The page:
Twelve years ago when the District was created and a clear directive from the voters that the district should be innovative, responsive and proactive, Edwards has made it become her personal mission, Haney said.

“Whether the call comes at midnight on a Saturday or 6 a.m. on a Sunday—or both—Edwards is known to put all other matters aside and respond,” he said.

Edwards works with local legislators, city leaders, parents and volunteers to ensure the District creates and maintains valuable relationships, advocates for school funding at the Legislature, and remains focused on the success of Canyons' students.

Though her job is demanding, Edwards always finds a way to say “yes,” and backs it up with the energy and commitment that makes everything seem possible, said Charlie Evans, Canyons’ director of external relations.

“In Susan Edwards’ mind, there is no insurmountable problem,” Evans said. “I have never worked with anybody who is willing to work harder and longer hours and do whatever it takes to get the job done like Susan.”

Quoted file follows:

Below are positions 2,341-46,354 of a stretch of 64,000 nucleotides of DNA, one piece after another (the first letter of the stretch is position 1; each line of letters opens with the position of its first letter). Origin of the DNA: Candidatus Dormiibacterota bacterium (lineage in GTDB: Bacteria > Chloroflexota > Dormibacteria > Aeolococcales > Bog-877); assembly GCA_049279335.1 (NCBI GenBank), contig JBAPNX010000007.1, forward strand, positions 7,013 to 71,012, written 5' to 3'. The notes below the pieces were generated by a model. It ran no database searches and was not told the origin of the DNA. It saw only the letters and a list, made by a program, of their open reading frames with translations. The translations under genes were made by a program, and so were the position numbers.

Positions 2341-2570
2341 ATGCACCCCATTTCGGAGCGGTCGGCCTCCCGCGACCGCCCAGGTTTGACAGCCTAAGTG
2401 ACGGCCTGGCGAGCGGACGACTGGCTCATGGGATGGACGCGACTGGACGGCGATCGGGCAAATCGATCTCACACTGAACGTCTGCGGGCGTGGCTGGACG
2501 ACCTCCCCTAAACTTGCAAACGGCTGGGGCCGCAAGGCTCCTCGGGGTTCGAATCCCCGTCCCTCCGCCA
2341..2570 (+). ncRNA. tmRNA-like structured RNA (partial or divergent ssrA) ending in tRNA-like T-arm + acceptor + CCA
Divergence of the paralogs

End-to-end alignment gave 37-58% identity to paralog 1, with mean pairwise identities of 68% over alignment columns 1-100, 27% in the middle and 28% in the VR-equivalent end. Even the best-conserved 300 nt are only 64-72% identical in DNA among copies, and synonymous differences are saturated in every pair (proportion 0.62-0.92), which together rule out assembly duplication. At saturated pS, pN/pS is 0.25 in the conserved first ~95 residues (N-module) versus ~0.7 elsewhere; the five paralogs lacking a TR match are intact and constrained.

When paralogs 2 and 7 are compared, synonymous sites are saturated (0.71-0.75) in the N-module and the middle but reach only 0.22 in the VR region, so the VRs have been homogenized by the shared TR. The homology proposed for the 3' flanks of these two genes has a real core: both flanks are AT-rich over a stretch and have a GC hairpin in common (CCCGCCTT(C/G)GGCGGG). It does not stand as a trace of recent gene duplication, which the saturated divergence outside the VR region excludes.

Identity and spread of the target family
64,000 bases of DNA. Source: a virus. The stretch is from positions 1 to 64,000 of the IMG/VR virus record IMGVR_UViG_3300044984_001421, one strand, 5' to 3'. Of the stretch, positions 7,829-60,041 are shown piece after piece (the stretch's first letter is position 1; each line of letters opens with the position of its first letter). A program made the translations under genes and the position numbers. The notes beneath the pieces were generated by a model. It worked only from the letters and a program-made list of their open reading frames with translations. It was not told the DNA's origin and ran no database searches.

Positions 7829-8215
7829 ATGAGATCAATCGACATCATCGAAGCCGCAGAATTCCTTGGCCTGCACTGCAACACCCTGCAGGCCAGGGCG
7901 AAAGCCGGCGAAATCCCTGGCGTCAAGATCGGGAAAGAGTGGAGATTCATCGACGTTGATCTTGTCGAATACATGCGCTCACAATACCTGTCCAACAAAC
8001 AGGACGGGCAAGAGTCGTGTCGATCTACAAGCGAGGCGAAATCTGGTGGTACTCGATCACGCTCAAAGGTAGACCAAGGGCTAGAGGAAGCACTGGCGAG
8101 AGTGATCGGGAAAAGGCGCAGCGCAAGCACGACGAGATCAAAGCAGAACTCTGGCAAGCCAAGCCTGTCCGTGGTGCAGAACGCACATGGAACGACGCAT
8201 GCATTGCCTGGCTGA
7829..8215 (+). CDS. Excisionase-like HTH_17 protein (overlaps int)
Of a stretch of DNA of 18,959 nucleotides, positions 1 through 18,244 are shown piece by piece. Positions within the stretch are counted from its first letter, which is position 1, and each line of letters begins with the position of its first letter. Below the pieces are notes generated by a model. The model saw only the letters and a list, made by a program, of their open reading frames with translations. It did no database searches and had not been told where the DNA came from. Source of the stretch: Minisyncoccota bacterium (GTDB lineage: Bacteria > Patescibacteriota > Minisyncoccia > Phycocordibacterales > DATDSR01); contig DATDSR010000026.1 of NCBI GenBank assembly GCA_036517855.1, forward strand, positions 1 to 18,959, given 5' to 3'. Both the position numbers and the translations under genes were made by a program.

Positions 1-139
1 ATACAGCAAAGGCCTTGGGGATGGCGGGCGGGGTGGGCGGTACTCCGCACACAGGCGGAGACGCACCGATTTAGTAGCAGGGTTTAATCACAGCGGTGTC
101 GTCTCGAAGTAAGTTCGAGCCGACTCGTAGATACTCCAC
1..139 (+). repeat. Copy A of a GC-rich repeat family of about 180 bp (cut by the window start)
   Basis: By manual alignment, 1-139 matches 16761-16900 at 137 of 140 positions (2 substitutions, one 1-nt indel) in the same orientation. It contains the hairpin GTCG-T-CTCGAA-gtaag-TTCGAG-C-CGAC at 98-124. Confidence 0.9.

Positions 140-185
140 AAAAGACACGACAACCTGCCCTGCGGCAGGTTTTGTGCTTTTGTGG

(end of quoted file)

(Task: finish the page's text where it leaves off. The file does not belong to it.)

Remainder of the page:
Canyons teacher of the year and the state’s runner-up for the 2021 Utah Teacher of the Year, Emma Moss also is the APEX teacher of the year, who says, “I just do whatever I can do to help.”

During her three years teaching, doing “whatever” has meant changing classes and grades every year she’s taught, learning new curriculum, earning her endorsements and preparing challenging, yet engaging lessons. She also has volunteered to help write curriculum for a new digital literacy course for the district and is guiding others statewide on the standards—that is, when she isn’t advising the 35 members of student council.

During last spring’s soft closure of schools, Moss lead the transformation to digital learning on the Canvas learning platform and Google Meet video meetings alongside the school’s education technology coach.

“She is always the first to reach out and support the other teachers and staff members,” said her principal, Stacy Kurtzhals. “She already had infused technology into her classrooms and was ready to implement it online.”

If implementing it isn’t enough, she also dons a lab coat and safety goggles and leads students to dissecting computers so they can understand technology better.